Herbert ROGER, Jr., appellant, v. HOMESTEAD RENOVATIONS, LLC, respondent, et al., defendant.
In an action to recover damages for personal injuries, the plaintiff appeals from an order of the Supreme Court, Dutchess County (DiBella, J.), dated October 10, 2012, which granted the motion of the defendant Homestead Renovations, LLC, for summary judgment dismissing the complaint insofar as asserted against it.
ORDERED that the order is reversed, on the law, with costs, and the motion of the defendant Homestead Renovations, LLC, for summary judgment dismissing the complaint insofar as asserted against it is denied.
The appellant allegedly slipped and fell on ice on the public sidewalk in front of 56 Noxon Street in Poughkeepsie. Following the accident, the appellant commenced this action against, among others, the owner of the property adjacent to the sidewalk, Homestead Renovations, LLC (hereinafter the respondent), to recover damages for personal injuries. According to the respondent, nonparty Homestead Housing, LLC (hereinafter H.H.), was responsible for performing snow and ice removal on the respondent's behalf at the location of the accident. In the order appealed from, the Supreme Court granted the respondent's motion for summary judgment dismissing the complaint insofar as asserted against it.
Unless a statute or ordinance clearly imposes liability upon an abutting landowner, only a municipality may be held liable for the negligent failure to remove snow and ice from a public sidewalk (see Smalley v. Bemben, 12 NY3d 751, 752; Schwint v. Bank St. Commons, LLC, 74 AD3d 1312; Bi Chan Lin v. Po Ying Yam, 62 AD3d 740, 741; Martin v. City of New York, 59 AD3d 501). In the absence of a statute or ordinance specifically imposing tort liability, as is the case here, the owner or lessee of property abutting a public sidewalk will be held liable only where it, or someone on its behalf, undertook snow and ice removal efforts which made the natural conditions more hazardous (see Schwint v. Bank St. Commons, LLC, 74 AD3d at 1312; Bi Chan Lin v. Po Ying Yam, 62 AD3d at 741; Robles v. City of New York, 56 AD3d 647).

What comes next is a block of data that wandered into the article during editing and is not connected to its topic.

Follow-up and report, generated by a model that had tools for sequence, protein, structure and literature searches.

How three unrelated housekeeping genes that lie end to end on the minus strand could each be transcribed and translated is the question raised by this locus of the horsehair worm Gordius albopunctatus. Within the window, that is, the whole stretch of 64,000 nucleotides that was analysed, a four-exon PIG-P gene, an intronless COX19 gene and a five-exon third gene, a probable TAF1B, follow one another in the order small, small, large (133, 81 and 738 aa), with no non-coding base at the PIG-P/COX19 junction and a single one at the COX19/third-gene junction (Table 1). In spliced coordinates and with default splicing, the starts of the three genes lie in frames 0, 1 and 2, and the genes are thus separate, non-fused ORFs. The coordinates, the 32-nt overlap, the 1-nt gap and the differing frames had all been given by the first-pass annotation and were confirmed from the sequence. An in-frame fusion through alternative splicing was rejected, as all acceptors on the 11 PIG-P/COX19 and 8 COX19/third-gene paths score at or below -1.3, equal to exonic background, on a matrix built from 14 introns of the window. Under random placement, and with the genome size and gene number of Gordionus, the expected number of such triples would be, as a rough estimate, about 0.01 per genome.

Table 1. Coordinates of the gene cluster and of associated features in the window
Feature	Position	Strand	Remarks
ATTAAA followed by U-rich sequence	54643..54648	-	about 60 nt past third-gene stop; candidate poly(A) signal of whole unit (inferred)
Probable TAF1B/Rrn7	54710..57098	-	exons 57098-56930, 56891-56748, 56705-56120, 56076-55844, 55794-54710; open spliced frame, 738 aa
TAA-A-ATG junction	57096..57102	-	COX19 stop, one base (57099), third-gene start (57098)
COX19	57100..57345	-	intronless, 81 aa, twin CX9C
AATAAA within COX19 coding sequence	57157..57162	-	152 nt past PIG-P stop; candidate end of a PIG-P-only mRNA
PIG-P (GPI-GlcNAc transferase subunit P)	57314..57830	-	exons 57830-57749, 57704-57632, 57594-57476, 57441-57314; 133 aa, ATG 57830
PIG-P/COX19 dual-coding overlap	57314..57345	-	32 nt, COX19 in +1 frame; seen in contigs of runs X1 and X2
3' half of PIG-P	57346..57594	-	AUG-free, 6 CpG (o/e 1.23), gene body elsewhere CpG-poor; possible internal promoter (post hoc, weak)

In support of its motion, the respondent failed to demonstrate that the efforts of H.H. did not increase or exacerbate the hazardous condition of the public sidewalk beyond that which would have naturally occurred in the absence of any snow removal efforts (see Lee v. Ilyasov, 95 AD3d 1205; Martinez v. Khaimov, 74 AD3d 1031; Robles v. City of New York, 56 AD3d at 647; Martinez v. City of New York, 20 AD3d 513). Moreover, to the extent the respondent argues that it is entitled to judgment as a matter of law dismissing the complaint insofar as asserted against it because H.H. was an independent contractor, that contention is without merit. While the general rule is that a party who retains an independent contractor, as distinguished from a mere employee or servant, is not responsible for the independent contractor's actions (see Kleeman v. Rheingold, 81 N.Y.2d 270, 273; Hill v. St. Clare's Hosp., 67 N.Y.2d 72, 79; A.M. Med. Servs., P.C. v. Progressive Cas. Ins. Co., 101 AD3d 53; Sandra M. v. St. Luke's Roosevelt Hosp. Ctr., 33 AD3d 875, 877), the respondent's submissions failed to establish that H.H. was an independent contractor.
Accordingly, as the respondent failed to establish its prima facie entitlement to judgment as a matter of law, the Supreme Court should have denied the motion, regardless of the sufficiency of the appellant's opposing papers (see Winegrad v. New York Univ. Med. Ctr., 64 N.Y.2d 851, 853).